Two additional trends are affecting our market right now. First, after long delays and numerous moratoriums, banks may finally be starting to move more aggressively on properties that have been in foreclosure for 1, 2 or 3+ years. This ‘shadow inventory’ concern has been hampering a sustainable recovery in housing. It’s past time for an honest accounting – by the banks and by delinquent sellers. We’re also seeing a slight up-tick in foreclosure activity on homes that were granted loan modification 2 – 3 years ago but have subsequently fallen back into foreclosure.
Second, counteracting the increased foreclosure activity is an apparent willingness and/or ability of banks to successfully complete short sales. Maybe they finally figured out they make more money on a short sale and that it’s less deleterious to the market. Rising median prices also means fewer people under water which means more people able to refinance at today’s record low rates into more affordable mortgages.
So there you have it. Yes we are still #3 in the country for ‘foreclosure activity’ and with 1 in 150 homeowners still being affected that’s not great. Compared to North Dakota with just 3 foreclosures in the whole state and a ration of 1 in 105,833 homeowners in default, we look pretty dismal. It’s all in your perspective.
But we’re still selling homes at a record pace this year and our prices are inching up. Compared to where we were four years ago, or even a year ago, we’re headed in the right direction. They didn’t tell you that.
RealtyTrac, a trusted source of foreclosure information, publishes a nifty little ‘Heat Map’ showing foreclosure activity by zip code for any area of the country. If you’re curious, it’s a great way to spend a little time when you’re not on facebook. Here’s the data http://www.realtytrac.com/trendcenter/trend.html & here’s the local numbers: Perspective. http://www.slideshare.net/genewunderlich/8-realtor-report-13973332.
The Southwest Riverside County Association of Realtors recently held their 3rd annual ‘Breakfast with the City Managers’ event and featuring Bob Johnson (Temecula), Rick Dudley (Murrieta), Frank Oviedo (Wildomar), Bill Rawlings (Menifee) and Tom Evans (Lake Elsinore). The event is one of the highlights of the year for many members and this year was no different.
City Managers reminded us how fortunate we are to be living and working in our communities. Our cities may not exactly be thriving during these challenging times but they are all doing way better than most. Despite last year’s pilferage of redevelopment funds and the added insult of stripping VLF funds equaling 22% of Wildomar’s budget and 18% of Menifee’s, infrastructure improvements, job attraction and parks continue to figure prominently in each city’s action plan.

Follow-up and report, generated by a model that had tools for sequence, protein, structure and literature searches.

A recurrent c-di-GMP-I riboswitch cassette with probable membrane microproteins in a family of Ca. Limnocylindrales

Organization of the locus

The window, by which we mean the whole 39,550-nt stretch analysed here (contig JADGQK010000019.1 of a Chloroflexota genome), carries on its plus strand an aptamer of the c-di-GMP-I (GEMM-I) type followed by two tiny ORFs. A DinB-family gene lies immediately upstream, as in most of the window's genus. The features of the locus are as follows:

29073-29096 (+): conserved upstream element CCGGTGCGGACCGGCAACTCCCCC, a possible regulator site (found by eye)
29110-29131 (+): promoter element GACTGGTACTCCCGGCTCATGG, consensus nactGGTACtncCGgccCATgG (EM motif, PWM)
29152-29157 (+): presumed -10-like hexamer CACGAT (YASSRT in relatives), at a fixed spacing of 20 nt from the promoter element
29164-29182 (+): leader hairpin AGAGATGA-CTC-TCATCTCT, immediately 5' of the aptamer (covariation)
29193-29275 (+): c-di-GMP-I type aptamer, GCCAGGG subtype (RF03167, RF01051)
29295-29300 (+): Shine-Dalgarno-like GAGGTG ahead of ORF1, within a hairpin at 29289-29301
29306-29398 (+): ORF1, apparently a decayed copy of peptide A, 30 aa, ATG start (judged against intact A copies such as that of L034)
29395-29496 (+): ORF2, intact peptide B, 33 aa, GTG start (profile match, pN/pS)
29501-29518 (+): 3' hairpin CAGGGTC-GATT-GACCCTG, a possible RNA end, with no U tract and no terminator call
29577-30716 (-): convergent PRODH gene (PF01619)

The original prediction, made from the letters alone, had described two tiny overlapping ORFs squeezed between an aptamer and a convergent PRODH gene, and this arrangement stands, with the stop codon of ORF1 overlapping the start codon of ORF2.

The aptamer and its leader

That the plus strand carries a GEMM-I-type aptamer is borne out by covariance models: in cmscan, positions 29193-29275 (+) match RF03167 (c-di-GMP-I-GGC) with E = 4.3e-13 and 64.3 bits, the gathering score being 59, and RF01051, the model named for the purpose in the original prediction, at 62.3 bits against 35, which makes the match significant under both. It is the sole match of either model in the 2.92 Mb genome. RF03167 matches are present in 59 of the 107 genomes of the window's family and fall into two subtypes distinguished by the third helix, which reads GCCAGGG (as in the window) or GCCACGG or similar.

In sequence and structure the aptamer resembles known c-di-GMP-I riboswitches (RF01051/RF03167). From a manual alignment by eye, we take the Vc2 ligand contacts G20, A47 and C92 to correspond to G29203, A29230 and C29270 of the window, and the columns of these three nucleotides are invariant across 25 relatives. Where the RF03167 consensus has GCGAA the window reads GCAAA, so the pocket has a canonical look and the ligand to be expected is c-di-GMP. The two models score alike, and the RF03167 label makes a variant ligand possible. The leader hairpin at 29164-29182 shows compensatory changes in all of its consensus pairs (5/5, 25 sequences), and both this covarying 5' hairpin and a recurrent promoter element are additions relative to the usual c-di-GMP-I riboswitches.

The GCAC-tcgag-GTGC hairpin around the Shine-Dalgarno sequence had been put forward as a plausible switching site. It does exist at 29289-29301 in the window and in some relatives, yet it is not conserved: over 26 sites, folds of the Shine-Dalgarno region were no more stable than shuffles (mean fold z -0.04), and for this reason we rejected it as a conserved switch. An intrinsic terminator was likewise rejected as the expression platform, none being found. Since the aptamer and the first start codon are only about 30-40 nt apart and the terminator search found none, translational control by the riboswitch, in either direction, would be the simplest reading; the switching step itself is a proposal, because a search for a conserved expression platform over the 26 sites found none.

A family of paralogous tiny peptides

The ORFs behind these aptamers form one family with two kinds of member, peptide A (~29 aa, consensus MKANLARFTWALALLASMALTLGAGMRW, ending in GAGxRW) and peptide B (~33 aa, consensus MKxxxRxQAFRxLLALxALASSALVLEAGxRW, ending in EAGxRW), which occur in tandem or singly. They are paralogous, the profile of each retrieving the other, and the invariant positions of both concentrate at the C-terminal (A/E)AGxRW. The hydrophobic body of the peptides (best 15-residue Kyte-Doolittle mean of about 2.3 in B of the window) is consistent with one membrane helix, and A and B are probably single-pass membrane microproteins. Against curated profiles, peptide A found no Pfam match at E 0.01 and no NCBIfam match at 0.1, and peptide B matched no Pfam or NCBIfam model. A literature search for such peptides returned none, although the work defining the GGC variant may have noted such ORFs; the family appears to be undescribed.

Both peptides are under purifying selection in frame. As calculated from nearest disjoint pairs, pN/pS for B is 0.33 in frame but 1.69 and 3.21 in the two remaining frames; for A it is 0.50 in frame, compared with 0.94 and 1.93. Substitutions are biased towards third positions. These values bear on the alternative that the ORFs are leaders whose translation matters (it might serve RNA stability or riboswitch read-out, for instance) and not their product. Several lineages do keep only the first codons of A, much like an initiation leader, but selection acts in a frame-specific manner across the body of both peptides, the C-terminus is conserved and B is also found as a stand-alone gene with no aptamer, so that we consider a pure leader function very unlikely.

Every city is also experiencing some degree of revitalization as well. Unemployment rates are lower in our region than the national average and significantly lower than the rest of Riverside County. There are new apartment buildings going up in Temecula and 5 new housing tracts under development in Wildomar. New restaurants, shops and businesses are starting to fill in some of those shuttered buildings that have populated our region for the past few years. Public safety in our cities is among the best in the nation as is our education system. While there have been some municipal lay-offs, our cities have been able to negotiate with their employees and service providers to maintain a high level of service to residents within the economic realities of our times.
All acknowledge that there are still challenges ahead for our region. One manager opined that it might be 20 years before the cities see a return to the level of property tax revenue they enjoyed just four years ago. But as the cities diversify their base that becomes less significant. Temecula currently gets only about 10% of its budget from property taxes while Menifee, one of our newest cities, relies on property taxes for nearly 50% of their budget. An aggressive business attraction plan aims to reduce that dependency over the next few years.
Both Murrieta and Temecula have held discussion about the merits of becoming a charter city and you’ll be hearing more about that. The managers also shared the challenges and frustrations of dealing with some aspects of our state and federal government. One recent example was the state’s last minute decision to recalibrate the way they assess the cities and gave cities a three day payment window or be assessed penalties. Two of our cities took hits of nearly $2 million dollars, the others lost lesser amounts. It can be vexing to be a pro-business region in California.
Should you have an opportunity to visit with any of our local City Managers, you will find them most helpful and ready to expound on the positive things happening in our region. While each city strives to maintain its own identity and be the best for its own residents, there is a great sense of shared community among the cities acknowledging that a business gain in Lake Elsinore benefits Menifee, a new overpass in Temecula is good for Murrieta traffic and a new brewpub in Wildomar would be good for me. Talk to your City Managers. They are good folks and eager to keep our cities moving in the right direction.